acropolis, athens, greece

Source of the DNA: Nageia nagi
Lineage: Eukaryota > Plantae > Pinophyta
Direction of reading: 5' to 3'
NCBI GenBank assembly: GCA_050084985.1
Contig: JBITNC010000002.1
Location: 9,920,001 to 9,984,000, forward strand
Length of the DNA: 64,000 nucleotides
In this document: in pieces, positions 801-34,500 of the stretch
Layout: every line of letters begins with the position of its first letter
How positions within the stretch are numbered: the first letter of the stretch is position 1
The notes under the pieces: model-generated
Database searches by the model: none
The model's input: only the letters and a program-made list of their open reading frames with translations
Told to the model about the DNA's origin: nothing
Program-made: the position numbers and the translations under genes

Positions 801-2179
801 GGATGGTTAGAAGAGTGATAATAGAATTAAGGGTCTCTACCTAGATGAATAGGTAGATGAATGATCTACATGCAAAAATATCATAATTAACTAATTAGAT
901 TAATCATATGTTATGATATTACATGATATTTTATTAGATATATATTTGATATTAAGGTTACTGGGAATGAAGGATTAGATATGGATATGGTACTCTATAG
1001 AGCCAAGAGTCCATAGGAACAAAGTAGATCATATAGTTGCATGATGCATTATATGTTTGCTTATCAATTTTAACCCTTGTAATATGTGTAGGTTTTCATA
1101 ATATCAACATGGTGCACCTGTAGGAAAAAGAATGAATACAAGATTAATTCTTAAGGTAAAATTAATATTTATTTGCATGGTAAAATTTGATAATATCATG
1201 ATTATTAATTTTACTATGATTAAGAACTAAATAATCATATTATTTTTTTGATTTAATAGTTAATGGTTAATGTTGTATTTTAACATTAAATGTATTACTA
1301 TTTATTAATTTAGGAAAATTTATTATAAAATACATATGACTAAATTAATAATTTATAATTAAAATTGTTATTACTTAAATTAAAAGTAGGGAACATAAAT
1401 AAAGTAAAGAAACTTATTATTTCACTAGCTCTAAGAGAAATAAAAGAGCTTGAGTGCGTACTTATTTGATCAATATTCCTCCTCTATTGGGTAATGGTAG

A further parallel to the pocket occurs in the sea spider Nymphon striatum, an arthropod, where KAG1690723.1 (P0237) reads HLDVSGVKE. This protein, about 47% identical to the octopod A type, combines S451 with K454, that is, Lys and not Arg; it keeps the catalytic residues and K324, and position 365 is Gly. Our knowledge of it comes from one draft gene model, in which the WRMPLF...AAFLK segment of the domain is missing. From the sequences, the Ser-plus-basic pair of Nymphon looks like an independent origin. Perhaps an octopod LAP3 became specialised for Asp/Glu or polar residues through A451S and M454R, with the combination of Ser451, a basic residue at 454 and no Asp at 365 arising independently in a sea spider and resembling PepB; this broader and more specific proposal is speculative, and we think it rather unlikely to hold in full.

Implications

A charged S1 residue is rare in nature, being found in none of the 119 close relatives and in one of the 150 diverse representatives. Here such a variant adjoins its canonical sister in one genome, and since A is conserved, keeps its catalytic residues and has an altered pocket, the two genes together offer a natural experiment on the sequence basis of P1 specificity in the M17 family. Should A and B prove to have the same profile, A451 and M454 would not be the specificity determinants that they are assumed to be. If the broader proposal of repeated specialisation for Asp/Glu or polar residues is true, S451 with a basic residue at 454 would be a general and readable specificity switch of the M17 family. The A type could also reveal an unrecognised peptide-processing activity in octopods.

Back into reading Henry Miller again. Finished the Colossus of Maroussi, which turned out to be one of my top favorite reads and influences on my life. The first hundred pages into The Air-Conditioned Nightmare, the book Miller wrote after Colossus. It is his story of returning to USA after living in Paris where he wrote the novels that made his name. A case was made against Tropic of Cancer all the way to the Supremes for bad language, 1961. It was the Warren Court then, an intelligent Supreme Court without so many corporate plants in that time. Miller used the efword and Grove Press was taken to court. It seems strange in this time the Supreme Court can make an intelligent decision. It amounted to the art book of its time. Originally published in Paris in 1934, it was republished in New York and charged with obscenity. Went to the Court in 1961. Immediately, it became the book of the year, Grove Press box sets, paperback edition everywhere. Until the trial, Miller got by on money borrowed from friends, largely. James Joyce's Ulysses, if I recall correctly, needed a Supreme Court trial before it could be published this side of the Atlantic. It became well known as a result, but not so widely read. In Charleston, South Carolina, was a small bookstore across the street from the College of Charleston, The Book Basement, where I worked through my college years. One of the customers before I came to the store, a generation older than me would vacation in Europe and brought back in his luggage half a dozen copies of Ulysses for the bookstore when it did not yet have an American edition. The distinction of a Court case before the Supremes distinguishes Miller with Joyce. Very different writers in about every way the differences can be noted. They both had very large minds.